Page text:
Reeling from criticisms from environment groups, the Alcantara and Sons Consolidated Resources Inc. (Alsons Corp.) is now trying a new tack in pushing for the construction of a P2.1-billion bioethanol plant in this Northern Mindanao capital city.

Saying that the city will gain from the operation of the bioethanol plant, Alsons is banking on the use of a zero-waste technology to make the proposed bioethanol plant acceptable to environmental groups here.

“We will be using ‘green’ technology in our plant,” said Alsons Corp.’s senior executive vice president Tirso  Santillan Jr. during the “Tell the Public on Bioethanol” forum held at the Archbishop Patrick Cronin Hall in the San Agustin Metropolitan Cathedral compound recently.

Santillan promised that his company will strictly adhere to and follow standards set by the Department of Environment and Natural Resourves in the daily operation of the plant, such as using air-pollution control devices and recycling wastewater so that none will be disposed of into the nearby Munigi River that connects to the Class A Cagayan de Oro River.

?To maintain the integrity of the Munigi River as well as the Cagayan de Oro River, Santillan said Alsons will not dump any wastewater into the river,  and  that its solid waste  from cassava will be recycled and used as fuel additive to coal for the plant’s boiler.

“Also, carbon dioxide will be ‘captured’ and processed to be sold for industrial and softdrink companies,” he said.

But Datu Kuloba from Barangay Bayanga doubted Santillan’s claims.

Kuloba, a Higaunon, said in the vernacular: “Will they really fulfill their promises? Because if problem arises it would be difficult to close the plant because they have spent so much.”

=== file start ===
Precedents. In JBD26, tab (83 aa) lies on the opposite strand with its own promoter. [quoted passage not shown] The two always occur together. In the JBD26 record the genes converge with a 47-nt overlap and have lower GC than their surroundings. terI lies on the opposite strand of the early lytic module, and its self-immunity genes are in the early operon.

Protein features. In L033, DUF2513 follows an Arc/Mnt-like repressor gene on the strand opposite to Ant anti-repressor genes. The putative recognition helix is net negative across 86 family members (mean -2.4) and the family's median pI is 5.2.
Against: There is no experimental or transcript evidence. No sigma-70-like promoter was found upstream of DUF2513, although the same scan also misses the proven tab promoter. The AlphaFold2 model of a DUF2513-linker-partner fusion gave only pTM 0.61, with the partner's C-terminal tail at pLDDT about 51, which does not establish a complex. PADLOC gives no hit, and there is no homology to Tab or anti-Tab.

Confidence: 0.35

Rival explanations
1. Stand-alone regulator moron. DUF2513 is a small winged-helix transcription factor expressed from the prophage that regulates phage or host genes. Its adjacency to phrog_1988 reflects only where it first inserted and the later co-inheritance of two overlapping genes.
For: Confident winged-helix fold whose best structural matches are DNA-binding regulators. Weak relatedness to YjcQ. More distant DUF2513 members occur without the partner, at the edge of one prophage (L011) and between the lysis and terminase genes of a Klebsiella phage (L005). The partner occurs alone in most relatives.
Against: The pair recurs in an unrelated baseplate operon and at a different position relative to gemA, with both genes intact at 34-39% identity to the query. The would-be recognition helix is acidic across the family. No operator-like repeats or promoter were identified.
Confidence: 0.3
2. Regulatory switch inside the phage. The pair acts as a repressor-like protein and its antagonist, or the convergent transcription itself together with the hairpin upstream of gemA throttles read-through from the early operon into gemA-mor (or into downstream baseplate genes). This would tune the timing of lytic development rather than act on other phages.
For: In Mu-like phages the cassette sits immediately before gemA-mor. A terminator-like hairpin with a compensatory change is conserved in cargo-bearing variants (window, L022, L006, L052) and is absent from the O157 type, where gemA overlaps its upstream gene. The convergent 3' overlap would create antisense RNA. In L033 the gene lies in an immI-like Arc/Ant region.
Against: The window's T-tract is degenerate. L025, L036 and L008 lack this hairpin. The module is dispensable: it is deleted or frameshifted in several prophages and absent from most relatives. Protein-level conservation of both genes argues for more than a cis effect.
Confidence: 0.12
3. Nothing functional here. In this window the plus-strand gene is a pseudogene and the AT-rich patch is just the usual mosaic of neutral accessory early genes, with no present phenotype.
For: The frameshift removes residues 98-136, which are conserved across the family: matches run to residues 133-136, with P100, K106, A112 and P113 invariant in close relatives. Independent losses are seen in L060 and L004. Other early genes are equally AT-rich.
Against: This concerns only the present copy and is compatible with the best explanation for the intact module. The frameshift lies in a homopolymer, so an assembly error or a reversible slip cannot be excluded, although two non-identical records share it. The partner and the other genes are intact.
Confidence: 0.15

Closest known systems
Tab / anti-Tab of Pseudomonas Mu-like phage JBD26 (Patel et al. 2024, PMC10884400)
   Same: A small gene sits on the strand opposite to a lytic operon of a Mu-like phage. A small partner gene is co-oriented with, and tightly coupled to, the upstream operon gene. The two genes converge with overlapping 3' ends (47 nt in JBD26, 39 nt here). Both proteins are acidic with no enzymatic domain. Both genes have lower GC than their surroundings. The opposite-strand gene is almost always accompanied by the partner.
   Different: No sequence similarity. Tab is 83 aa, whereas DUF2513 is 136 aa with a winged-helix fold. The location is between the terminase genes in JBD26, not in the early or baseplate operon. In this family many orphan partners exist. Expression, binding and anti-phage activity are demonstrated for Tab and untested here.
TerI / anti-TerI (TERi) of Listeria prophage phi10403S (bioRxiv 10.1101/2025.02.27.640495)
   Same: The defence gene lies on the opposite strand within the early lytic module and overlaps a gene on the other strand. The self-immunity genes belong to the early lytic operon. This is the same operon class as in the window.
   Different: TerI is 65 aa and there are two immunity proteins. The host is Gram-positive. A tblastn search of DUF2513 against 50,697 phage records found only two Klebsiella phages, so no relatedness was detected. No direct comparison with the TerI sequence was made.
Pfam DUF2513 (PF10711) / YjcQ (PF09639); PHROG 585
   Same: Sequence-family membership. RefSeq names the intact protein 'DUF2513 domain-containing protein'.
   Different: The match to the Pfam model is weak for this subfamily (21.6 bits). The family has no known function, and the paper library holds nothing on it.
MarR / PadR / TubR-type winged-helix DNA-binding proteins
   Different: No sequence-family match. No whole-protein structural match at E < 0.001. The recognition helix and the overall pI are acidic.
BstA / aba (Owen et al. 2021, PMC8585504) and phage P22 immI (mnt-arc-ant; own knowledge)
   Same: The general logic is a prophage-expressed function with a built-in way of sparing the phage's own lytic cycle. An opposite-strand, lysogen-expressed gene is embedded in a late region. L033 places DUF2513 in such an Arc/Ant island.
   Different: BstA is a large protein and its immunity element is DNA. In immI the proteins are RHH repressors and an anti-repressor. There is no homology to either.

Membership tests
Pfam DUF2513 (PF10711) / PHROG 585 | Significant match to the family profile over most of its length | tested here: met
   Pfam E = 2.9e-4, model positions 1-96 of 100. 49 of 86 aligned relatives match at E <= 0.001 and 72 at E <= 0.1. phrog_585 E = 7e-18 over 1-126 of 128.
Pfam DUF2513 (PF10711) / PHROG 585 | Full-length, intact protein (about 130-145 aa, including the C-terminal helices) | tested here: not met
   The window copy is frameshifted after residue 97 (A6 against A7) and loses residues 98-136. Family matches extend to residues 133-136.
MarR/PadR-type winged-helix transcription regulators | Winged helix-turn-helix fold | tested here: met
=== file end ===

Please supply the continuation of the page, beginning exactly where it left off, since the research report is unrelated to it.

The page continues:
Engineer Greg Macabodbod also said it is easier for a big company like Alsons to just pay penalties to the government than follow and obey the rules of the Department of Environment and Natural Resources.

“It’s now common practice among big companies to build a plant that do not really adhere to the standards imposed by the government in protecting the environment, and they will just pay the penalties rather than not push through with their projects,” Macabodbod said.

Barangay Nazareth councilor Pepe Abrogar raised the danger of Cagayan de Oro River becoming another Pasig River once the P2.1-billion bioethanol plant project pushes through.

Abrogar said if Malacañang has not been able to prevent the Pasig River’s degradation, it being located on the bank of that river, how much more this city government. I can’t prevent Alsons from dumping its waste into the Cagayan de Oro River as the proposed plant will be located some kilometers away in the hinterland parts of the city, he added.

He echoed environmentalists’ contention that the bioethanol plant be located in the Phividec area in Tagoloan, Misamis Oriental.

But Santillan countered that Barangay Bayanga in Cagayan de Oro is the most suitable location for the plant as it is very near the source of raw materials—cassava.

“Water is also free as they can just siphon whatever they need from the Munigi and Cagayan de Oro Rivers,” said a forum participant.

Alsons executives said the plant would need at least 10,000 hectares of land planted to cassava to supply its daily need.

But Monsignor Tex Legitimas this will open the floodgates to land conversions. “And if this happens, we will have cassava for breakfast, bolanghoy for lunch and binggala for dinner,” he said, prompting laughter from the participants. Bolanghoy and binggala are also Cebuano words for cassava, aside from kamoteng kahoy.

He also raised concern that this might prompt farmers to abandon cultivating rice and corn in favor of cassava and thereby causing problem in food security.

Despite the promises of using “green” technology, most of the participants were not convinced by Alson’s promises.

This prompted Santillan to say that if the people will not accept the project, Alsons will not insist. “If they don’t like it, we cannot do anything about it,” he said.

To questions if he knows of any company in the country that uses zero-waste technology, Santillan responded in the negative.

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